himself to tne stuc Biblical texts, but he applied

Lutheran

Pietists,

>

o

serSpener and Francke, from whose

He was

also

mons he read excerpts to the congregation. of the children whom concerned about the religious welfare 156 His future instruction. catechetical for he gathered which prevailed son-in-law described the conditions these pioneers

among

whom was

Mr.

years ago some Lutherans among and built theieon a Weiser, had taken a piece of ground house. In the church church, and alongside of it a school sermons read to them on they were accustomed to have preachers preach to Sundays, and also have travelling

Monv

them occasionally

in

it.

157

Pennsylvania German Society

74 It

was during

Weiser became

this season of uncertainty that Coni ad attached to the brilliant Reverend Peter

Reformed pastor, who upon his arrival in Tulpehocken in 1730 became the spiritual leader for the entire community. Favorably inclined to the ascetic life, he v, as won to the teachings of Beissel and admitted into the memWith bership of the Ephrata Sabbatarian Community. Miller went at least ten families together with Conrad Weiser, the Lutheran leader. In May, 1735, both Miller and Weiser were baptized into the new faith. Their conversion was so violent that they burned the Heidelberg Catechism, Luther’s Large and Small Catechism, the Psalter, Arndt’s “Paradies Gartlein” and other orthodox devotional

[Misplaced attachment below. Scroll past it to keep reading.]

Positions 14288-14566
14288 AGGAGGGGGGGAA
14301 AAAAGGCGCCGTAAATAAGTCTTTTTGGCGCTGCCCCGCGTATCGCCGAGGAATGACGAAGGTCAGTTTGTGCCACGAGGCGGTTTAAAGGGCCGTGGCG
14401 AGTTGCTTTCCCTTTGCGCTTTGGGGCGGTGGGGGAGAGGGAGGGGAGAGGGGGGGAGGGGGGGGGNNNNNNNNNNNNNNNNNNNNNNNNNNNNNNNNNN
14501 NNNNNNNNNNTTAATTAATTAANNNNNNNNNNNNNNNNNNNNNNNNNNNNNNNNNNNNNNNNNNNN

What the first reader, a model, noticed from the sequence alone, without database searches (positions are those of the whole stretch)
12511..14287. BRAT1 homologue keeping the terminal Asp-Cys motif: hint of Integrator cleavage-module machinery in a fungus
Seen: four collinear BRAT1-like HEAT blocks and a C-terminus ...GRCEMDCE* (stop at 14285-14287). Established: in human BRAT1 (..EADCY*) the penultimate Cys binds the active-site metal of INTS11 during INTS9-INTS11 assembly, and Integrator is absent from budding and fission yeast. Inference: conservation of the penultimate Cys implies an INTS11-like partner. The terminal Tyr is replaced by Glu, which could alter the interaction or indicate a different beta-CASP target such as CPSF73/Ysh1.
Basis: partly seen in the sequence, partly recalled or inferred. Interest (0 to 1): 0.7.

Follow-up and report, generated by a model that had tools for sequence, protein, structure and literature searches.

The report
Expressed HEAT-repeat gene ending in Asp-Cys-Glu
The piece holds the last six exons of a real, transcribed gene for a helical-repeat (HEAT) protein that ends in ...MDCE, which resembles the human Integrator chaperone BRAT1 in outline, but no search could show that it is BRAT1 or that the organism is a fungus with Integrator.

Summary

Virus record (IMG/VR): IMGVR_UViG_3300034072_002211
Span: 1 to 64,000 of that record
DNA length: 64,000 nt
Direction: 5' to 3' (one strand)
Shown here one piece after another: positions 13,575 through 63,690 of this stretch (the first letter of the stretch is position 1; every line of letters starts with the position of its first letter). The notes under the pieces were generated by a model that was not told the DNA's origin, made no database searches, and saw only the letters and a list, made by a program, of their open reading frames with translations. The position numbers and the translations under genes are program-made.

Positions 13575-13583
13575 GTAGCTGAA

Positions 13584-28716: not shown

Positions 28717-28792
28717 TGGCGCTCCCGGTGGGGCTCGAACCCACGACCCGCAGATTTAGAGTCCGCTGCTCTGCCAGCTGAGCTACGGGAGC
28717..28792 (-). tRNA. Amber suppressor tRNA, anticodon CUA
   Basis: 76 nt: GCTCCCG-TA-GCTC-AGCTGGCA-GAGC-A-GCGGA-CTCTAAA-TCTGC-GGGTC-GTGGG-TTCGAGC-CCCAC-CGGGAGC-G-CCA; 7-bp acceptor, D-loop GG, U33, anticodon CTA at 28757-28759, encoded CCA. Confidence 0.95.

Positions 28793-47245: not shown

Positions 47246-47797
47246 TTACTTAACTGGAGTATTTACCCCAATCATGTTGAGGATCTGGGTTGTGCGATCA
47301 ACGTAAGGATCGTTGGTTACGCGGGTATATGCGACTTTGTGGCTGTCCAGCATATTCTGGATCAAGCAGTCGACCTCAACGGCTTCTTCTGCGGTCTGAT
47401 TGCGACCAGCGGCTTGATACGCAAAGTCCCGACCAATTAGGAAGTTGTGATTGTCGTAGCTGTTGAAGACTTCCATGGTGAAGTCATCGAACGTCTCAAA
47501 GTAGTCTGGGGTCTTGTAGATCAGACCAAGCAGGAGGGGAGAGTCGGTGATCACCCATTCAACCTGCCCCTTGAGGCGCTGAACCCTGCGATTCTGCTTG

Miller, the

writings.

Several months later the Tulpehocken Sabbatarian Community was established at Millbach in charge of Peter Hermit.” Miller, who now became known as “Peter, the

removed to the headquarters at Ephrata, Weiser assumed the pilgrim grab, mortified his flesh and became the head of the new colony. After the completion eiser of the large community house at Ephrata, to which \Y had contributed liberally, the entire Tulpehocken Sabbatarian colony removed to Lancaster County. But Weiser soon discovered that within the sacred cloister things were

When

Miller